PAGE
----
“All truth passes through three stages. First, it is ridiculed. Second, it is violently opposed. Third, it is accepted as being self-evident.” Arthur Schopenhauer
“Great spirits have always encountered violent opposition from mediocre minds.” Albert Einstein
Semmelweis discovered why so many women, worldwide, were dying in childbirth: As difficult as it is to believe today, cleanliness was not considered important in 1846. In the first month that he worked in Ward No.1 of Vienna General Hospital 36 out of 208 women died in childbirth, nearly 20%.
In 1846, many years before the role of bacteria in diseases was discovered, Ignaz Phillip Semmelweis was appointed to what was then by far the largest maternity hospital in the world. At the Vienna General Hospital it was very common for obstetricians to carry out autopsies in the morning and then make there way to Ward No 1 without washing their hands.
Semmelweis insisted on hand washing with chlorinated lime solutions before any contact with patients. He also advised that the ward itself had to be cleaned with calcium chloride. He dared to suggest, and go on to prove beyond any doubt, that cleanliness mattered! The result …. death in childbirth ‘almost’ disappeared.
In 1847 this ‘suggestion’ was extreme, and was largely ignored, rejected or ridiculed. Surgeons took great offence to the ‘implication’ that they were unhygienic. He was dismissed from the hospital and harassed by the medical community in Vienna, which eventually forced him to move to Budapest. The hospital returned to their ‘old’ ways and the ‘death in childbirth’ rate returned to 20%. Semmelweis continued to be ridiculed.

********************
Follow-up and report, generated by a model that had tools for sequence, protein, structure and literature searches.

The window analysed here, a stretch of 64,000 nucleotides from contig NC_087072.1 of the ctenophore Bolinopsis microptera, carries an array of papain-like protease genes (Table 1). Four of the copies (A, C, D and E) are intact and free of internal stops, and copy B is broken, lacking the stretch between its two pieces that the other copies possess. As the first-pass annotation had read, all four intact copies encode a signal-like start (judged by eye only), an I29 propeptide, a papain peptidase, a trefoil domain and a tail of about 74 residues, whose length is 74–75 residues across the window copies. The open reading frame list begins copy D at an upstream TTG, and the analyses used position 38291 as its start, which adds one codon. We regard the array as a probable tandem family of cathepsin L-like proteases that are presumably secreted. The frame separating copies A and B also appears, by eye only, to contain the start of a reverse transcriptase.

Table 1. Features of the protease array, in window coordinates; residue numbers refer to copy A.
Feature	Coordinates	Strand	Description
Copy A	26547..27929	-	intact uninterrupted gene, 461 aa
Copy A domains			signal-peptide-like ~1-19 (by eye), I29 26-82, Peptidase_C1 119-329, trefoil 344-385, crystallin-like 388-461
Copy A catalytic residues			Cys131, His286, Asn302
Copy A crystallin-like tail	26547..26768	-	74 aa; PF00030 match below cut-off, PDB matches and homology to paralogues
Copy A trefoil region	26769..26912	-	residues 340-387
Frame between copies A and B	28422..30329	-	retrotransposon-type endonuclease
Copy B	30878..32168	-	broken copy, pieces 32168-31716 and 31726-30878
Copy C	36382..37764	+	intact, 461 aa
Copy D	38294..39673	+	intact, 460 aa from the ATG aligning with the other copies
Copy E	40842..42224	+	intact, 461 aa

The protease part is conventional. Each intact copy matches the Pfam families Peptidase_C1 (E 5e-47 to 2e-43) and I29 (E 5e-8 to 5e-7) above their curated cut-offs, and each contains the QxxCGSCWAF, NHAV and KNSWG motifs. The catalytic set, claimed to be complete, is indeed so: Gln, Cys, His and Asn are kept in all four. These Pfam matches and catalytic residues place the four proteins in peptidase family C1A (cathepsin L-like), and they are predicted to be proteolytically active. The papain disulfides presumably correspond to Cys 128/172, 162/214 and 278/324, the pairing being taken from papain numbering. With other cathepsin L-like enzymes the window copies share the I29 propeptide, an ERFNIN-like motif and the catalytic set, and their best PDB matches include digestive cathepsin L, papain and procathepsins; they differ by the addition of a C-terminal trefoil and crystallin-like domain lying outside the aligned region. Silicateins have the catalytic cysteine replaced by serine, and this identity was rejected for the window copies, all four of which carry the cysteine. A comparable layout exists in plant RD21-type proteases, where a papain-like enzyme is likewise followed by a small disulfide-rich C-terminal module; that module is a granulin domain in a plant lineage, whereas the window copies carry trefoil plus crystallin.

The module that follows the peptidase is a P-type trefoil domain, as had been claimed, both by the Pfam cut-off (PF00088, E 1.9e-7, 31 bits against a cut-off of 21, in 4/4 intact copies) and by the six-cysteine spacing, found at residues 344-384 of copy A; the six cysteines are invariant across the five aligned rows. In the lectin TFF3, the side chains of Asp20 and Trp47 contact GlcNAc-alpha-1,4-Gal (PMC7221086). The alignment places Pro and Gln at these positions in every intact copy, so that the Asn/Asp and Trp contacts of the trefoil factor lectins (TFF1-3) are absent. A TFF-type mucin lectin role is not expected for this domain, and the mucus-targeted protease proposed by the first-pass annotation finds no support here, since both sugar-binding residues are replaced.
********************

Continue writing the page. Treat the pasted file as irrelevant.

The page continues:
Semmelweis was outraged by the indifference of the medical profession and began writing open and increasingly angry letters to prominent European obstetricians, at times denouncing them as irresponsible murderers. The continued criticism finally broke him down. His contemporaries, including his wife, believed he was losing his mind and he was in 1865 committed to an asylum. Semmelweis died there only 14 days later, possibly after being severely beaten by guards.
Semmelweis’ practice only earned widespread applause and acceptance years after his death, when Louis Pasteur developed the germ theory of disease which offered a theoretical explanation for Semmelweis’ findings. Semmelweis is now considered a pioneer of antiseptic procedures.
“When I look back upon the past, I can only dispel the sadness which falls upon me by gazing into that happy future when the infection will be banished . The conviction that such a time must inevitably sooner or later arrive will cheer my dying hour.” Ignaz Semmelweis